(Bloomberg) — Through months of U.S. court disputes, the two Americans accused of orchestrating auto executive Carlos Ghosn’s dramatic escape from Tokyo last year have battled fruitlessly to avoid extradition.
But a new disclosure by prosecutors in Japan gives fresh hope to at least one of the men.
When Japan made the extradition request in June for Michael Taylor and his son Peter, it claimed Peter Taylor met with Ghosn at the Grand Hyatt in Tokyo the day before the escape and gave the former Nissan Motor Co. chief a room key. Authorities claimed Ghosn used the key to access hotel elevators shortly before fleeing the country to avoid prosecution for financial crimes. The alleged exchange was part of the evidence used to implicate Peter Taylor in the plot.
Now, Japan has backed off part of that claim about the key transfer, court records show, acknowledging it was based on the false premise that the only way Ghosn could have accessed the hotel elevators the day of his escape was with a key.
“Japan informally advised the United States that further investigation has revealed that a room key was not necessary to access the Grand Hyatt’s ninth floor where Peter Taylor was staying,” Assistant U.S. Attorney Stephen Hassink wrote in a letter filed Thursday in federal court in Boston.
A lawyer for the Taylors, Paul Kelly, called the mistake “a significant factual error,” according to a letter filed with the court Friday. He said the defense team was planning to file a request renewing a challenge to the September ruling by U.S. Magistrate Donald Cabell that Peter Taylor qualified for extradition under the U.S. treaty with Japan.
The Justice Department declined to comment.
According to Japan’s original extradition request, Ghosn met with Michael Taylor, Peter Taylor and a third accomplice, former Lebanese soldier George Zayek, at the Grand Hyatt on Dec. 29, using the room key he’d been given the day before. In a hotel room on the ninth floor, the Japanese authorities alleged, Ghosn changed clothes before traveling with Zayek and Michael Taylor to Osaka, where Ghosn’s accomplices concealed him in a large black box and helped him board a private plane. Peter Taylor went to a different airport and boarded a flight to China, the authorities said.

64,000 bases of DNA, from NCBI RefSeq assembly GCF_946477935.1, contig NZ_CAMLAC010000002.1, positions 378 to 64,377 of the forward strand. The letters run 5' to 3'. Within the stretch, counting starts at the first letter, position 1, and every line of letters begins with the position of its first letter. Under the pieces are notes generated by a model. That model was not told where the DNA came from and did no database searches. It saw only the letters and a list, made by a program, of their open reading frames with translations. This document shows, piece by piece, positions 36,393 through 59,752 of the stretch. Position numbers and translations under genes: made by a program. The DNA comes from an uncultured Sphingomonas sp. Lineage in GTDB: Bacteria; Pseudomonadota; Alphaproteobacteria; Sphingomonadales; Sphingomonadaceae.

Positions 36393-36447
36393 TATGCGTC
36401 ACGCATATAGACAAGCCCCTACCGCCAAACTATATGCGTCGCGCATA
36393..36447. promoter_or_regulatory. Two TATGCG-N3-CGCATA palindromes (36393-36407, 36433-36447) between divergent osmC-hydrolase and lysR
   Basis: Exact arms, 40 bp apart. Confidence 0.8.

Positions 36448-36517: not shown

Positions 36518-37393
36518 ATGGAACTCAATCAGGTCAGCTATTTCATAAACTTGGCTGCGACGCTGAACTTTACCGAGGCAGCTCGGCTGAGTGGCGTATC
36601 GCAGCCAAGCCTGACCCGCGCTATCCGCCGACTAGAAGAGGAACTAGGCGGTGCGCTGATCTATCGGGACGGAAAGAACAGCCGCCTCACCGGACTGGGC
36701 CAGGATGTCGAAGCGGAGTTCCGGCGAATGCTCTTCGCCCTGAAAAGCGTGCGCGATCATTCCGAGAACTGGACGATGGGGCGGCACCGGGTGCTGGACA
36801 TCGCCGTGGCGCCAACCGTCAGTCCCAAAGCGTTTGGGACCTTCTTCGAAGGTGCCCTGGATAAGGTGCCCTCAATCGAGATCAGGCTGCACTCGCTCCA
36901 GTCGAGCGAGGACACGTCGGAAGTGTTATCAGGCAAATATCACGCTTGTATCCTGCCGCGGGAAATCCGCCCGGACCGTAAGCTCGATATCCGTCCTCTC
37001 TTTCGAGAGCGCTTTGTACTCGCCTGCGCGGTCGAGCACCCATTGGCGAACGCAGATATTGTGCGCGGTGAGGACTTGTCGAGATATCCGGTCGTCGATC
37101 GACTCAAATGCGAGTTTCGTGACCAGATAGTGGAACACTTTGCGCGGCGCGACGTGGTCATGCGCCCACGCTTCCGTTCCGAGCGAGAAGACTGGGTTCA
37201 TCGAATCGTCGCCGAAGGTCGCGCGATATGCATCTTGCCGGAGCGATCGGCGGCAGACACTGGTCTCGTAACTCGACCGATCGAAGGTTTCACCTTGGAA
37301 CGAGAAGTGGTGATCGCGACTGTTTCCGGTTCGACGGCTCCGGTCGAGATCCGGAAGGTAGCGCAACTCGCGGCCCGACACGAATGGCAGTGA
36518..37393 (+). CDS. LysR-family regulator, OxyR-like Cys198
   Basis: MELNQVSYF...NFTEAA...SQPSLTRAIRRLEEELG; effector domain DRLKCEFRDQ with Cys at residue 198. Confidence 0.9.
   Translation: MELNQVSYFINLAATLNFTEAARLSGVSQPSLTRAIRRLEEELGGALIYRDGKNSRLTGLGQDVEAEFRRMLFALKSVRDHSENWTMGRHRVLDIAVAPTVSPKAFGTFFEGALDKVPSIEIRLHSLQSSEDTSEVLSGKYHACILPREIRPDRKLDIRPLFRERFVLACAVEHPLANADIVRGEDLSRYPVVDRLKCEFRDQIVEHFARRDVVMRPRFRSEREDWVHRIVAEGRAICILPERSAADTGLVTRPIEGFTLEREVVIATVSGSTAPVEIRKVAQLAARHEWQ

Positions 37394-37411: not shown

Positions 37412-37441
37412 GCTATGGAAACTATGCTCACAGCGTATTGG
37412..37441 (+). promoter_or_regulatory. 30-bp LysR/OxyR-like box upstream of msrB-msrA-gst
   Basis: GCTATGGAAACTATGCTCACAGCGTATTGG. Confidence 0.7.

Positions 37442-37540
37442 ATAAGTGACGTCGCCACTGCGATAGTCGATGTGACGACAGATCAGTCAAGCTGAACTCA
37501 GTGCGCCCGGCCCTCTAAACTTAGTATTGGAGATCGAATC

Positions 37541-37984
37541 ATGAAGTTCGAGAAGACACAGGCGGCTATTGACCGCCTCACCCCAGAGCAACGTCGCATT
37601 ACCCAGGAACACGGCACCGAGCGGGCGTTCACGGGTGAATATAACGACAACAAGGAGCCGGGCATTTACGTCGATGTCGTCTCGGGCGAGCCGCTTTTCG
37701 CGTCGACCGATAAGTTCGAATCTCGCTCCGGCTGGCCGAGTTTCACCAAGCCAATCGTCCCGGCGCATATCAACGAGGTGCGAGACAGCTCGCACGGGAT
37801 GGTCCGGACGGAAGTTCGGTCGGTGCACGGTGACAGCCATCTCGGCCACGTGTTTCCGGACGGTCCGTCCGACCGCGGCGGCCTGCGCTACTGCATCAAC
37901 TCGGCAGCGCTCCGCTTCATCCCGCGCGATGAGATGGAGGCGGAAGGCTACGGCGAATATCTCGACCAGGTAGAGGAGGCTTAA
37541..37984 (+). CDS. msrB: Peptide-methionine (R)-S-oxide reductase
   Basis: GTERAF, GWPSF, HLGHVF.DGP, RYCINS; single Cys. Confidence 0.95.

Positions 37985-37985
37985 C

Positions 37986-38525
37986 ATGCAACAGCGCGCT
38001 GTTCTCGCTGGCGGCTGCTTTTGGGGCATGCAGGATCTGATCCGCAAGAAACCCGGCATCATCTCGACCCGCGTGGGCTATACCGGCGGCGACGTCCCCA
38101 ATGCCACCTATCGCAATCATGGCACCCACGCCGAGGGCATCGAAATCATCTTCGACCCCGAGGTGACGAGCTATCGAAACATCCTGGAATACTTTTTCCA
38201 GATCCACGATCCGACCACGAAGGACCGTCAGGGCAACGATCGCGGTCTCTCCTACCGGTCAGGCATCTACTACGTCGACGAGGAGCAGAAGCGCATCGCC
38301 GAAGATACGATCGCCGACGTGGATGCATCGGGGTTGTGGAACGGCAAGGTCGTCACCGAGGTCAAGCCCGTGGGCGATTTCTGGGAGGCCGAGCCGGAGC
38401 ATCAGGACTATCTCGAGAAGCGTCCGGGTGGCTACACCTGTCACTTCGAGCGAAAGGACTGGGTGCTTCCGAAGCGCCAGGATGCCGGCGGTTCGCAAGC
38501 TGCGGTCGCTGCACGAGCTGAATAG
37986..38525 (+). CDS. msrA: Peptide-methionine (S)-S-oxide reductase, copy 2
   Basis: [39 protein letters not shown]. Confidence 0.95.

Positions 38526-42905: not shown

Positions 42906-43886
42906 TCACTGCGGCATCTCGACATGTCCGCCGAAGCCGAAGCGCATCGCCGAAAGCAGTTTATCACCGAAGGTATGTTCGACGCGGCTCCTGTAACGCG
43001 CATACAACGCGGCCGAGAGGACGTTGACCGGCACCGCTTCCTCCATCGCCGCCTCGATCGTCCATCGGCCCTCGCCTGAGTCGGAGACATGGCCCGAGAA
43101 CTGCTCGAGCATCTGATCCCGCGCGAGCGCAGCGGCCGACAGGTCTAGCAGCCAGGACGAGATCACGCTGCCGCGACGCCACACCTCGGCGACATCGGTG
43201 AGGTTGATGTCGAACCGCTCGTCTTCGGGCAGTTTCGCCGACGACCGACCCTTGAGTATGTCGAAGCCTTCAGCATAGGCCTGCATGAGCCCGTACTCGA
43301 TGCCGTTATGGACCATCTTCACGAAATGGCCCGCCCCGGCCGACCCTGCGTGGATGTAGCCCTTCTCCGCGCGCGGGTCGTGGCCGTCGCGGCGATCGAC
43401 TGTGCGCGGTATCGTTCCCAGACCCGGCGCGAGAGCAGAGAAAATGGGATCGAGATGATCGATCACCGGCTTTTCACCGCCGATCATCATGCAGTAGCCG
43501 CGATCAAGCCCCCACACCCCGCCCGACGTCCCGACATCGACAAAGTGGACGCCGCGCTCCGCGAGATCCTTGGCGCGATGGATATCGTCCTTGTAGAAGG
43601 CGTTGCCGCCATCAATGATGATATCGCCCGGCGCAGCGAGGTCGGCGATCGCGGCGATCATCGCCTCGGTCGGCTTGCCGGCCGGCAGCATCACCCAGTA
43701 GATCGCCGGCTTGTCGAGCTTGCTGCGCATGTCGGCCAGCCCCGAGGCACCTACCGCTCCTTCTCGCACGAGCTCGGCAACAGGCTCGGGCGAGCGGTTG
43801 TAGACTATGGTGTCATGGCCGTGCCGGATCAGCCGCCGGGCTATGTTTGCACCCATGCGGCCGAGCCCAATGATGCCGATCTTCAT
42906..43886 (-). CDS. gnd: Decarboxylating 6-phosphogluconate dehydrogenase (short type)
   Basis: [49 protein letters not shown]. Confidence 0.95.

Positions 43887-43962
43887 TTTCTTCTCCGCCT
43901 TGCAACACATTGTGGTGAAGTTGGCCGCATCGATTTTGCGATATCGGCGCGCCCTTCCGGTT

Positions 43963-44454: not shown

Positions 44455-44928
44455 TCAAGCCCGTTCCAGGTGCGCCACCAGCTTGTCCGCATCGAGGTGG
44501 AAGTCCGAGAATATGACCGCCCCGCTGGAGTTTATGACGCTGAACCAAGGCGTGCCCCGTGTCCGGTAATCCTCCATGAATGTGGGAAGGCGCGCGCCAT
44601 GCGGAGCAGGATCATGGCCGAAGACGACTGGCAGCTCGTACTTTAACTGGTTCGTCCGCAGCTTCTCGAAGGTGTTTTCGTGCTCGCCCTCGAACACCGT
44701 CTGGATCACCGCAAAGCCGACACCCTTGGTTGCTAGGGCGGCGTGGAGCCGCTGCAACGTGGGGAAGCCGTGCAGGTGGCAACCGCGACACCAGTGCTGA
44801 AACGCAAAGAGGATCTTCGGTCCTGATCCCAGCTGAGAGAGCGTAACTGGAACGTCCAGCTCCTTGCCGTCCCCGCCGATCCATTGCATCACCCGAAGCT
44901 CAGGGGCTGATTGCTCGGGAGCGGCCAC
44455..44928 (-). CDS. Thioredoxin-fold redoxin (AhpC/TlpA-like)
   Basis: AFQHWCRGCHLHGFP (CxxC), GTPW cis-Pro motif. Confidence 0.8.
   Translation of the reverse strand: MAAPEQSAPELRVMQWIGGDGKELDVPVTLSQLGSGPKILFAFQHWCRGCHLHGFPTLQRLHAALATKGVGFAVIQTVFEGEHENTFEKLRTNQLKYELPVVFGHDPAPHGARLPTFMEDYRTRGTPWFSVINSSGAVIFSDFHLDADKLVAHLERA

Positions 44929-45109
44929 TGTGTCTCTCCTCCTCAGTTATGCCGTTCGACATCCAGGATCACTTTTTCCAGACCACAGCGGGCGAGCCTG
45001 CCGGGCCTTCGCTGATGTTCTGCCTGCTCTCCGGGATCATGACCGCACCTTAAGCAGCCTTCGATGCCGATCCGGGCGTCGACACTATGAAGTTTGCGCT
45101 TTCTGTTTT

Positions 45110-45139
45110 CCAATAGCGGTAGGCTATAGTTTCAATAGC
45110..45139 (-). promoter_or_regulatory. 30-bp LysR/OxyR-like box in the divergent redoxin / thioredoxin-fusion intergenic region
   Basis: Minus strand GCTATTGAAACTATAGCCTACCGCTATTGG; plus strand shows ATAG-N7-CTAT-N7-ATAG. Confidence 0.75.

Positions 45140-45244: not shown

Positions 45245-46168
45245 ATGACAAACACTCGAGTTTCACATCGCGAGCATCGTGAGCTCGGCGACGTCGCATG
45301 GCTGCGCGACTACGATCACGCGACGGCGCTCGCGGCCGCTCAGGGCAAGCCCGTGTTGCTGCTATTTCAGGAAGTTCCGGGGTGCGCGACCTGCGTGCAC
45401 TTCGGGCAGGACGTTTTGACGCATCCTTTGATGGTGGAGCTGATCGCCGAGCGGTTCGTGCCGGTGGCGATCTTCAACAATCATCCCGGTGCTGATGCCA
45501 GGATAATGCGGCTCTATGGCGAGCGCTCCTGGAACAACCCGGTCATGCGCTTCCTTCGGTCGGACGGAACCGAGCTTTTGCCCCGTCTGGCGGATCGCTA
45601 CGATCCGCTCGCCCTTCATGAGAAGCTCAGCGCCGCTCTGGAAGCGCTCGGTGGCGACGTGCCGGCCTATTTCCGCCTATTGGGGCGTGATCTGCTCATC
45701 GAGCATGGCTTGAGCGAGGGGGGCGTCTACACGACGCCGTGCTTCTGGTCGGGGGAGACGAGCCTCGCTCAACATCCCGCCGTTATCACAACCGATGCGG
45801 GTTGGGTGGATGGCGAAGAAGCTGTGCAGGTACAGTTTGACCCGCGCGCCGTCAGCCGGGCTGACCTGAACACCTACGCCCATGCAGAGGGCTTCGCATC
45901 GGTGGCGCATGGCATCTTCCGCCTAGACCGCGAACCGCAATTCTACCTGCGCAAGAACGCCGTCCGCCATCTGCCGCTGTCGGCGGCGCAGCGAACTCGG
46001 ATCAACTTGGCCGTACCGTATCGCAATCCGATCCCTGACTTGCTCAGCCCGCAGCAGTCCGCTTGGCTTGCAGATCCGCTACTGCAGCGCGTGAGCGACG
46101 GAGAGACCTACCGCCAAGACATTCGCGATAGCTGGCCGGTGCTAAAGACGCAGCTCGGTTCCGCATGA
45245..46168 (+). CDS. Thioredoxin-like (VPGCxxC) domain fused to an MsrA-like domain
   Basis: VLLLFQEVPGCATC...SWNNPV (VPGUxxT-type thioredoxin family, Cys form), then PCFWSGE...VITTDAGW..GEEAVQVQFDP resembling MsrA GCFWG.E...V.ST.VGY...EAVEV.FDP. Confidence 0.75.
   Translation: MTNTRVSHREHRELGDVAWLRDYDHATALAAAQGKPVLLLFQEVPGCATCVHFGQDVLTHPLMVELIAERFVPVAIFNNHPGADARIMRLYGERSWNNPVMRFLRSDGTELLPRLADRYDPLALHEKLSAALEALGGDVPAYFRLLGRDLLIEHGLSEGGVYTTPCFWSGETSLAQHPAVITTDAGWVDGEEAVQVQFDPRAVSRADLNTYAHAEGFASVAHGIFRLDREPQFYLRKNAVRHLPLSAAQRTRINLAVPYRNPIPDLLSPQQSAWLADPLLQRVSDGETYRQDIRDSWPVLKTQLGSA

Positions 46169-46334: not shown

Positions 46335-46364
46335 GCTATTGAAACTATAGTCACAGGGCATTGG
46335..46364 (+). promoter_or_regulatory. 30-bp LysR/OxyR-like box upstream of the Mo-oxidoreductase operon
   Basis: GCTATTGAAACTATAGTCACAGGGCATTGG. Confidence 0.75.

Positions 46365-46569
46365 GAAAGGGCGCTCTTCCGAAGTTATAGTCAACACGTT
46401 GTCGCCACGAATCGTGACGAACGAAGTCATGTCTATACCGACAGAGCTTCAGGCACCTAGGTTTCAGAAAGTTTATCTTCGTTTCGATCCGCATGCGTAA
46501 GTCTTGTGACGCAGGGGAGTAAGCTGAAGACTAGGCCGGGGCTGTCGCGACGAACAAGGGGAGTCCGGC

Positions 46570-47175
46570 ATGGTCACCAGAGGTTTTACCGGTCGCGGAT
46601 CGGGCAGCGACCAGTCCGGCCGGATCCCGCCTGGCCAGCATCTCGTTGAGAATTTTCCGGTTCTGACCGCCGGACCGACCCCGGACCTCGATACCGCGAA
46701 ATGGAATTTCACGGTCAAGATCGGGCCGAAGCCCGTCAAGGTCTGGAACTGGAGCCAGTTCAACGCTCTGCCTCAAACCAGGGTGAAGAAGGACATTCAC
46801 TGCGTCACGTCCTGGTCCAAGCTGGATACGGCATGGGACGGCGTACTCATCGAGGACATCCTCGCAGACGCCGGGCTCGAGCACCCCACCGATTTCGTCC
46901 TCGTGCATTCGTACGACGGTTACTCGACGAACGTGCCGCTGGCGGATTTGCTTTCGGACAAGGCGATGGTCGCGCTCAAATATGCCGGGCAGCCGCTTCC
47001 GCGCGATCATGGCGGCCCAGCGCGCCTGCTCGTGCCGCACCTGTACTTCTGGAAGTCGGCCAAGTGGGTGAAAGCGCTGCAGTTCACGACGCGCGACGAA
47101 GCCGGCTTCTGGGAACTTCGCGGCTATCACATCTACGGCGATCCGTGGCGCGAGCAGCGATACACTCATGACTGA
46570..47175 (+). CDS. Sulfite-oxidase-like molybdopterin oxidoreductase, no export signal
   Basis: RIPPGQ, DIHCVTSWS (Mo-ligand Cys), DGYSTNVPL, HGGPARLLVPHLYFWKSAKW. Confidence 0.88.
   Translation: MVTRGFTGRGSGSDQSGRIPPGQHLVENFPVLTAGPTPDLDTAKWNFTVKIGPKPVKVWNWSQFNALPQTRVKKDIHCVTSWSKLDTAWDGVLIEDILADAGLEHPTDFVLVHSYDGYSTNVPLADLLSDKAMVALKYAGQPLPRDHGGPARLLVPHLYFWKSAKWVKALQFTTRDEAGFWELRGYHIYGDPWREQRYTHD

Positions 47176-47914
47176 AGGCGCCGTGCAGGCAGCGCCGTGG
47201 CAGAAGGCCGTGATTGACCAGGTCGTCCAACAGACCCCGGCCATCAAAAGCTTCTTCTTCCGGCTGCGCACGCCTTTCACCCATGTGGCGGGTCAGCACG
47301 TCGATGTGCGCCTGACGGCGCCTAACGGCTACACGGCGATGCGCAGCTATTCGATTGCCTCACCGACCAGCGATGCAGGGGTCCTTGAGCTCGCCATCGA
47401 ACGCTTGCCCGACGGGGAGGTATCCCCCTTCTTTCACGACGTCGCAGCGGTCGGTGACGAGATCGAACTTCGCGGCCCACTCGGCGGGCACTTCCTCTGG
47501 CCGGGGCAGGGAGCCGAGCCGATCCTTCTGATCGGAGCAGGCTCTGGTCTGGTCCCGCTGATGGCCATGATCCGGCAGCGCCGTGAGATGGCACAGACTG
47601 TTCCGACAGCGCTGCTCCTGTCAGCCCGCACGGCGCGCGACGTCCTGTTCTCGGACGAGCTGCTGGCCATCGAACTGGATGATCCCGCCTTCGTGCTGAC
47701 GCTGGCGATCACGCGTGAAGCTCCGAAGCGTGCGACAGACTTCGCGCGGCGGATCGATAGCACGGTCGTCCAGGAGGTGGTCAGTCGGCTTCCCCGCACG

Japan also made other claims about Peter Taylor’s involvement, alleging that he met with Ghosn several times over the course of 2019 and picked up luggage from Ghosn’s daughter Maya. Still, the authorities have never claimed that he accompanied Ghosn on the private jet that whisked him out of Japan. And Michael Taylor, a former Green Beret, told the Wall Street Journal last month that his son “didn’t even know when it was going down.”
For weeks, the Taylors’ case has been in legal limbo. The State Department formally authorized the extradition in October, after the federal magistrate found that Japan’s request satisfied the treaty requirements. But U.S. District Judge Indira Talwani has put the process on hold while she examines whether the Taylors would face torture in Japan.
U.S. prosecutors insist that Japan’s treatment of prisoners does not meet the legal definition of torture. The Taylors argue that Japan routinely violates the human rights of detainees, citing affidavits from prisoners that describe long periods of isolation and interrogations conducted without defense lawyers in the room.
Those claims gained credibility last month when the United Nations issued a report excoriating Japan’s criminal justice system. The report called Ghosn’s arrest and imprisonment on financial charges “extrajudicial abuse” and said the country’s interrogation and detention practices may “expose detainees to torture, ill treatment and coercion.”
The case is Taylor v. McDermott, 20cv-11272, U.S. District Court, Massachusetts (Worcester)